Kevin Barry is author of the collection Dark Lies the Island and the novel City of Bohane, which won the International IMPAC Dublin Literary Award. He spoke to me by phone from his home in County Sligo, Ireland.
Kevin Barry: We’ve changed very much as readers of texts, in recent years. We’re much more impatient now—I think, primarily, because we’re all online, all the time. Our attention flits very quickly from text to text. You know: that thing where you’ve got 10 or 15 wonderful books at the side of your bed, and you’re there looking at your iPhone.
There’s too much out there to be dealing with: music, amazing films, good stuff of every variety. So you’ve got to get them fucking quick. That really changes the way you’ve got to approach writing as a novelist. It’s more like a short story now, in some ways. You have to get the reader on the first page of a short story, you have to convince them of a world inside page one. As writers try to capture the scattered attention of readers, I think the novel is moving towards that degree of compression.
But one thing can still arrest us, slow us down, and stop us in our tracks: the human voice. I think this explains the explosion in podcasts and radio narratives. The human voice still holds our attention, allowing us to tune in to a narrative in a way we find increasingly difficult on the page.
Readers and listeners increasingly want their stories to come at them directly in the form of a human voice. While everybody says that book sales are dropping, there’s an explosion in literary events, book festivals, spoken word events. People want to listen, and they want to hear stories. And that’s what makes a text like Dylan Thomas’s Under Milk Wood—which is, what, 80 years old—so fresh and exciting.
I think I first came across it, as a teenager, in an art house film club in the 1980s—it was a version from the ’60s, with Richard Burton as the narrator (a rather over-ripe narrator, looking back at it now). I do think that there is a particular time in a reader’s life when Dylan Thomas has a special reverb, and it’s in that teenage moment. He’s deeply romantic. And he’s in love with language. He’s pushing language to the extent of what it can do on the page.
It’s a play for voices, a radio play, with a straightforward setup: It’s the life of a night in a small Welsh town, in the late ’30s or early ’40s. It’s very much in thrall to Joyce and to Faulkner, though Thomas brings something different of his own to it, and he’s possibly a more generous writer than those two gentlemen. He’s very engaged in the process of giving us color and giving us the world.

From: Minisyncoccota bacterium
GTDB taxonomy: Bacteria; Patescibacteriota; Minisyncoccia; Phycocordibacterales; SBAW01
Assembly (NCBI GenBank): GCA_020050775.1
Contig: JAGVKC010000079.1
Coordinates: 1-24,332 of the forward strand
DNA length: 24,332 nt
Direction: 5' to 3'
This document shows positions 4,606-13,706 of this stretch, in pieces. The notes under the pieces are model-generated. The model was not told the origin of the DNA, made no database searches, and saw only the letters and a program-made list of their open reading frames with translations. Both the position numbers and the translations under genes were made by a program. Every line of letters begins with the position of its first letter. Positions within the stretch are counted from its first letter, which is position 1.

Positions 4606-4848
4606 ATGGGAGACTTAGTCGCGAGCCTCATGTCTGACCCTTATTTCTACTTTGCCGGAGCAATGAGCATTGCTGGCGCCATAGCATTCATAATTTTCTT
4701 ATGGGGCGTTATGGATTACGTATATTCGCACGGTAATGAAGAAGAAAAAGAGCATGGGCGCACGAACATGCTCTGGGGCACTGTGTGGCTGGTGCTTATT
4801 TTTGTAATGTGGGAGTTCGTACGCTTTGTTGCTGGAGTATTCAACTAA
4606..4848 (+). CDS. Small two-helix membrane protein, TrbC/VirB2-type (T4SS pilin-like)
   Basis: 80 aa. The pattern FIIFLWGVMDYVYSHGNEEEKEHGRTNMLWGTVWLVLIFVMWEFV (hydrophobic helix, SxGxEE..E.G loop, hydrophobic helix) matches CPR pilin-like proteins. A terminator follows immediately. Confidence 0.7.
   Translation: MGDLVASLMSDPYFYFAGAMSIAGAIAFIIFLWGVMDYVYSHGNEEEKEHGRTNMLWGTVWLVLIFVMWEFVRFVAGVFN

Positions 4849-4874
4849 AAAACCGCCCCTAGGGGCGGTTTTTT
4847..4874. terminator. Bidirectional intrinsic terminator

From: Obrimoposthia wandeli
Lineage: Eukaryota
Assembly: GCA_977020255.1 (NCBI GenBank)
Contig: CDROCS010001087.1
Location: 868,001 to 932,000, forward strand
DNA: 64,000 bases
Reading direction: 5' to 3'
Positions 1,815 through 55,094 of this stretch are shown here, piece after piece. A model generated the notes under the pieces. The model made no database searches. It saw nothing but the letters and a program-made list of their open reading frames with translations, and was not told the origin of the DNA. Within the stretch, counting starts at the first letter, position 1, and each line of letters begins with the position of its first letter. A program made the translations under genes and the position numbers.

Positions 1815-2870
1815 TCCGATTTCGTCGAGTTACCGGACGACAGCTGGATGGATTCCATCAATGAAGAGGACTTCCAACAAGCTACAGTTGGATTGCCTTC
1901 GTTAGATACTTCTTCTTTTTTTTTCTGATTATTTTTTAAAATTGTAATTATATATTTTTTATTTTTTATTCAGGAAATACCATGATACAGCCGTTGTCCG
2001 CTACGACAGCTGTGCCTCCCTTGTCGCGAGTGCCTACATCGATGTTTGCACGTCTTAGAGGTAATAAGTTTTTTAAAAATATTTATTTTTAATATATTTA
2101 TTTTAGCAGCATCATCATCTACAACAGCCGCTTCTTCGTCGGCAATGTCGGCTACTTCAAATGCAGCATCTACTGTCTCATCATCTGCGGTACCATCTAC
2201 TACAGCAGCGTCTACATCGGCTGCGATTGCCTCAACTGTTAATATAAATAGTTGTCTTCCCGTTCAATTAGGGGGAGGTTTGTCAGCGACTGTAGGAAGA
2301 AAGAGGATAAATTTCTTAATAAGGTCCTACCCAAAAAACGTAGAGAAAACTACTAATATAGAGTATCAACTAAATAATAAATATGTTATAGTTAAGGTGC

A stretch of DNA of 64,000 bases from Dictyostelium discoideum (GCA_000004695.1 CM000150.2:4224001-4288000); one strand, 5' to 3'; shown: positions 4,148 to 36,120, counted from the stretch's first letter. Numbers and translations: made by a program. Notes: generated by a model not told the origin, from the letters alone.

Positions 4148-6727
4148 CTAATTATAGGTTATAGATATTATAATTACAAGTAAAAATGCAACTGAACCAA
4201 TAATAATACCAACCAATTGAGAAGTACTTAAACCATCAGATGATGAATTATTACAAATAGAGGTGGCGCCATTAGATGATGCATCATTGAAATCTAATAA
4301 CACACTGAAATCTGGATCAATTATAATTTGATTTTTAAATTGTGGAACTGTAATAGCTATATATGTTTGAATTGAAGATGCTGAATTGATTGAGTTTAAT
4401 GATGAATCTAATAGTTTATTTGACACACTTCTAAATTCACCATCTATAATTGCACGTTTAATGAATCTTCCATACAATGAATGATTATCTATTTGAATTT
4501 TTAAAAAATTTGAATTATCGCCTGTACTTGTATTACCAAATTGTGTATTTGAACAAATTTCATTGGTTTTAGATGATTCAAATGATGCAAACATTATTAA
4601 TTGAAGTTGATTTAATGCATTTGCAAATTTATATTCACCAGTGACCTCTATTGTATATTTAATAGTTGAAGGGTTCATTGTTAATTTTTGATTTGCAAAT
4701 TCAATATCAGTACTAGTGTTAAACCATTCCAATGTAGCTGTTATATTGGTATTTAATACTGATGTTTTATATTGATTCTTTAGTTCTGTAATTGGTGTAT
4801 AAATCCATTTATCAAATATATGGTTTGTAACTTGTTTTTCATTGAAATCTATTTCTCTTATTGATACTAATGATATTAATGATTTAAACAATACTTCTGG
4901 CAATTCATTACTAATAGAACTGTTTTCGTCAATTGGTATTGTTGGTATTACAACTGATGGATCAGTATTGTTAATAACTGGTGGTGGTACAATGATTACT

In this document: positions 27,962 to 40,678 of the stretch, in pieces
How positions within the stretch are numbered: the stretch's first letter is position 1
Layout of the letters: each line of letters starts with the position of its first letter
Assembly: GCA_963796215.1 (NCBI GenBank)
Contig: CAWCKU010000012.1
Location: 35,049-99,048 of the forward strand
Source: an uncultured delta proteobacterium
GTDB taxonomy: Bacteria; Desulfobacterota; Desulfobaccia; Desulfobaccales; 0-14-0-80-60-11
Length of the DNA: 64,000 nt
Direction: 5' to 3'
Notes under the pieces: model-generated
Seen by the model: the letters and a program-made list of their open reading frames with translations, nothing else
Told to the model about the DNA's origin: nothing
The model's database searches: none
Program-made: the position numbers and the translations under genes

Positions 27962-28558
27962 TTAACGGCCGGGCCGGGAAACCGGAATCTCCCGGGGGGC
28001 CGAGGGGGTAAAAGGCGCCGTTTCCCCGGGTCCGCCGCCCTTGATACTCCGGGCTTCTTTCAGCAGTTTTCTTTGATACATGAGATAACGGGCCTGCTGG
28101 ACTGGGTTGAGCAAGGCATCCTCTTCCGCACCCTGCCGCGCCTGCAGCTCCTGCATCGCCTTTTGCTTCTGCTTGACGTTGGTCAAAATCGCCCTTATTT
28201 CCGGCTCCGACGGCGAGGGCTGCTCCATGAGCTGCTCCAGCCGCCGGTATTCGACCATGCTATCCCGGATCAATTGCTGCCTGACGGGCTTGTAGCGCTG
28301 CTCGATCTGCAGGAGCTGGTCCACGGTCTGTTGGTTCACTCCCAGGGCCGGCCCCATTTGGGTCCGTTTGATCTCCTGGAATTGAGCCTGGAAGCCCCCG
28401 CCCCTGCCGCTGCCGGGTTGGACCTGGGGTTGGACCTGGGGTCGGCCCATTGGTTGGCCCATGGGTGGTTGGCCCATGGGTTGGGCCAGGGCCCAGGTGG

My favorite bit remains the scene description that comes from the first voice, from the narrator. The play begins with a single voice, an extended monologue made up of scene directions written for their own poetry:
FIRST VOICE [very softly]
To begin at the beginning:
It is Spring, moonless night in the small town, starless and bible-black, the cobblestreets silent and the hunched, courters’-and- rabbits’ wood limping invisible down to the sloeblack, slow, black, crowblack, fishingboat-bobbing sea.
What I love is the ripeness of the language. Dylan Thomas would have been thrown out of the MFA class. There’s no way he would be allowed through with the sheer, ornate flourishes of the language, which are glorious on the page. Also, he’s writing pretty much in meter. Formal rhymes and formal repetitions spring the prose off the page.
Hush, the babies are sleeping, the farmers, the fishers, the tradesmen and pensioners, cobbler, schoolteacher, postman and publican, the undertaker and the fancy woman, drunkard, dressmaker, preacher, policeman, the webfoot cocklewomen and the tidy wives. Young girls lie bedded soft or glide in their dreams, with rings and trousseaux, bridesmaided by glow-worms down the aisles of the organplaying wood.
There’s also an oddness to the description, a weirdness that makes it hard to say just what’s going on. You think, what the fuck is “an organplaying wood”? But then you can hear a breeze going through the pipes, and you realize he’s trying to summon the sound of the woods by night in your ear, a breeze playing through the forest in Wales, in the early 1940s, and you’re transported there. He’s summoning images through sound.